Saturday, May 28, 2011

Yankees Start Trip With Loss in Seattle

For the Yankees, the western sojourn that began Friday night is not just a nine-game trip. It is a test of their mettle, measuring the efficiency of their offense, in three spacious ballparks, against starting pitchers who excel at their craft. Runs will be precious. So will victories. All of these truths were reinforced in the opener at Safeco Field, where the Yankees disintegrated after tagging the 22-year-old phenom Michael Pineda for three runs, knocking him out after five innings. Their bullpen imploded against one of the worst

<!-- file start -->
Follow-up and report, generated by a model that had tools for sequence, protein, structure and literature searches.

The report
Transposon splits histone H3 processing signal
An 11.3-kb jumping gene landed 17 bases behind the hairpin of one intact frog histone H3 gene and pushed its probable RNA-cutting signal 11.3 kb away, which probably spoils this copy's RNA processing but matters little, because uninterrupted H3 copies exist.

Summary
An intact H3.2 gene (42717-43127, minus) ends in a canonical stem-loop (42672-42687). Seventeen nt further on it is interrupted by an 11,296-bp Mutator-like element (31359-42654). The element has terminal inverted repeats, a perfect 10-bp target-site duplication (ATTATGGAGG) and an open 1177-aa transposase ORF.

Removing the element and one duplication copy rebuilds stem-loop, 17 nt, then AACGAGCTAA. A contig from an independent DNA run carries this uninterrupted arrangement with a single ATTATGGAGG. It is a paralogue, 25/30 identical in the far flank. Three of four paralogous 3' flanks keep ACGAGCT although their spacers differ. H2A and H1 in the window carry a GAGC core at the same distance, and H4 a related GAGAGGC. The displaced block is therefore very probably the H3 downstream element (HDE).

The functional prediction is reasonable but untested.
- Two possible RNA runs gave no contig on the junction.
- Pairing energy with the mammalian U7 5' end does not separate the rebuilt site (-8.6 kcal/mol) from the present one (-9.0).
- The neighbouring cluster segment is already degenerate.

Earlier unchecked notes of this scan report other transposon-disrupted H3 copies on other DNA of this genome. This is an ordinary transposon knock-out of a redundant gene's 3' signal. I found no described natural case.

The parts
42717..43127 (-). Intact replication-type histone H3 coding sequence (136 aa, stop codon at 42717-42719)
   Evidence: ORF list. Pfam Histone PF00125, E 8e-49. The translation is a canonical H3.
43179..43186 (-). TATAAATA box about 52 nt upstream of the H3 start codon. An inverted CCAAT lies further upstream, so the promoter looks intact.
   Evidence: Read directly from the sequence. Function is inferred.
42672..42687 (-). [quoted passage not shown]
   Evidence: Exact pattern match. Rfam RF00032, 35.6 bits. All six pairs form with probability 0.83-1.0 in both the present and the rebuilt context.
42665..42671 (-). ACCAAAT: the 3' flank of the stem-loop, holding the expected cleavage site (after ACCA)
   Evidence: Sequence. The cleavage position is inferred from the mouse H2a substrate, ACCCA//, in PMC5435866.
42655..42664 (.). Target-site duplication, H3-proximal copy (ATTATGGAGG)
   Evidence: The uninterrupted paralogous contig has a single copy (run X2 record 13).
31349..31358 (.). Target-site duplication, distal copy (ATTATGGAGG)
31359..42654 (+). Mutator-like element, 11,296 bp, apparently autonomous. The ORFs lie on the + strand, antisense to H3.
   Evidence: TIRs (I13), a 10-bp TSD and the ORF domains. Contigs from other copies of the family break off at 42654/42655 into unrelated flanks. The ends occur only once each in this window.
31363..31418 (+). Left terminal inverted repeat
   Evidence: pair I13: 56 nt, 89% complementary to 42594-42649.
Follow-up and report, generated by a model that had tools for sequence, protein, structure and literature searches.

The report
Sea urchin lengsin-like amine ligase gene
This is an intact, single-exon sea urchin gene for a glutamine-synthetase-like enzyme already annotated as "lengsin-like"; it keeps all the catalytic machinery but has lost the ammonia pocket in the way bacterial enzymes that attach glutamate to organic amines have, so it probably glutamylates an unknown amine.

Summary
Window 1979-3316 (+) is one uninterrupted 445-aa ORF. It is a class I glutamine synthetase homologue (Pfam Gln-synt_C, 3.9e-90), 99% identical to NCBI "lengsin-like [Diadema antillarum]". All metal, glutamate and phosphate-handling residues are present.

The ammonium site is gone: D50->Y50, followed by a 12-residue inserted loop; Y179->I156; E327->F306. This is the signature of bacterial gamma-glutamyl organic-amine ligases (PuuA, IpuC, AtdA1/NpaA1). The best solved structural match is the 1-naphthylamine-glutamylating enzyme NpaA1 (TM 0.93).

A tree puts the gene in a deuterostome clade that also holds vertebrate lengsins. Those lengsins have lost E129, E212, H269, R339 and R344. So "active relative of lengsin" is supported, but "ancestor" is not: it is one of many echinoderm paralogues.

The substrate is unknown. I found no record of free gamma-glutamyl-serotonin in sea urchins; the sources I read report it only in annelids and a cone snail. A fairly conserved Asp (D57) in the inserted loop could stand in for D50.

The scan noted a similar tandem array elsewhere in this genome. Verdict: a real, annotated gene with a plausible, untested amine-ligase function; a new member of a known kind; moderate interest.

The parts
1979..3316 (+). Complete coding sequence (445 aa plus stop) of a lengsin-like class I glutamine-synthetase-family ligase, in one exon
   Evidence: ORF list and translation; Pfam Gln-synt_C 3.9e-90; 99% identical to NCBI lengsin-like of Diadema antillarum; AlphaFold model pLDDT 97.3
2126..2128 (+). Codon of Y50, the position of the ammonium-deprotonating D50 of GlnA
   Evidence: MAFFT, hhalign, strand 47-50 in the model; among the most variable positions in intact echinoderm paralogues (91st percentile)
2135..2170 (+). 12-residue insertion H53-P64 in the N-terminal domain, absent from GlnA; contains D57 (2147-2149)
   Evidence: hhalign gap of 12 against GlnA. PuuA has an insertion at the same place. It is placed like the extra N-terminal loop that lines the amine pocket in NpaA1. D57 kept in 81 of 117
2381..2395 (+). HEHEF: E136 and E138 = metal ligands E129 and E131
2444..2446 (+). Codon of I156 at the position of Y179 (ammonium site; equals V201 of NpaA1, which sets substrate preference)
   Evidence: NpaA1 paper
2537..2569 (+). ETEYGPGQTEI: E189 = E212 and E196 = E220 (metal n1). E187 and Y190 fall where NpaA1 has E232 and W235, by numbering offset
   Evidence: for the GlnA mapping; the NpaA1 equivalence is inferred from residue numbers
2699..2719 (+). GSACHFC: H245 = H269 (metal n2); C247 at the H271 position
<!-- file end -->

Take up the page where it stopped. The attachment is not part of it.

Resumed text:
offensive teams in the majors. Their best chance to tie ended with a baserunning blunder, with Eduardo Nunez getting picked off second base to end the eighth inning. The Mariners’ 4-3 victory carried even greater significance, considering that the Yankees tormentor Felix Hernandez is pitching on Saturday. Hernandez, the reigning American League Cy Young Award winner, was 3-0 with an 0.35 earned run average against them last season. And from there, it hardly gets easier with Jason Vargas, a tough lefty, starting on Sunday. Oakland is slated to start Trevor Cahill, Gio Gonzalez and Brett Anderson. The Angels will send out their top three pitchers: Jered Weaver, Dan Haren and Ervin Santana. In all, seven of the nine starters the Yankees will face on their trip began Friday among the A.L.’s top 15 in E.R.A. Their first challenge was Pineda, who toted into Friday a 14-inning scoreless streak and the reputation as one of baseball’s best pitchers, no need to qualify that description with the word “young.” In discussing him and Hernandez before the game, Mark Teixeira went so far as to describe them as “the best one-two punch in baseball.” Roy Halladay and Cliff Lee may beg to differ, but Teixeira’s point was well-taken. With a 2.16 E.R.A., Pineda led the A.L. in strikeouts per nine innings, with 9.41, and had allowed only 14 walks in 58 and a third innings. Manager Joe Girardi spent part of the Yankees’ day off Thursday analyzing videotape of Pineda, noticing his remarkable percentage of first-pitch strikes (71.2 percent, best in the majors, according to; a slider that acts more like what he called a power curveball; and staggering control for someone so young. And yet until an hour or two before the game, when his players watched video and studied scouting reports, Pineda existed mostly as a concept, not an actual pitcher. “The only thing that I’ve heard is that he throws hard,” Curtis Granderson said. Teixeira said he intended to examine how Pineda handled left-handed hitters, but considered it counterproductive to base his approach at the plate off it. “On TV,” Teixeira said, “you can’t see movement very well.” The only way to gauge Pineda’s stuff, Teixeira said, was to step into the batter’s box. There are no other substitutions. In his first at-bat, Teixeira saw the wicked movement. He saw the slider. He also saw — and clobbered — a 95 mile-per-hour fastball, sending it deep into the right-field stands. In the fifth, Granderson worked a one-out walk and scampered to third on a single by Teixeira. He raced home on a wild pitch that moved Teixeira to second, a crucial moment when Alex Rodriguez followed with a bloop single that fell just in front of a diving Franklin Gutierrez in center field. The Yankees led, 3-0, but not for long. A. J. Burnett, whose five-inning stint was his shortest outing since his season debut, was seemingly on his way to the second nine-walk no-hitter of his career, having walked four and struck out four through the first two innings. But in the bottom of the fifth, Brendan Ryan led off with a single and moved to third on Ichiro Suzuki’s double inside the left-field line. Luis Rodriguez lined a ball off Burnett’s foot that caromed to Robinson Cano, who threw Rodriguez out at first. But Ryan scored on the play, as soon did Suzuki, when Justin Smoak followed with another run-scoring groundout that cut the Yankees’ lead to 3-2. With Burnett laboring and at 97 pitches, Girardi called on Boone Logan to pitch to the left-handed hitting Adam Kennedy to begin the sixth. For his second straight outing, Logan allowed a single to the lone hitter he faced. In came Luis Ayala, who allowed a single to Miguel Olivo. Carlos Peguero then walked on four pitches. Ryan’s fielder’s choice groundout scored Kennedy with the tying run, and Suzuki’s groundout drove in Olivo with the go-ahead run, the winning run, the run that began what could be a difficult trip for the Yankees.

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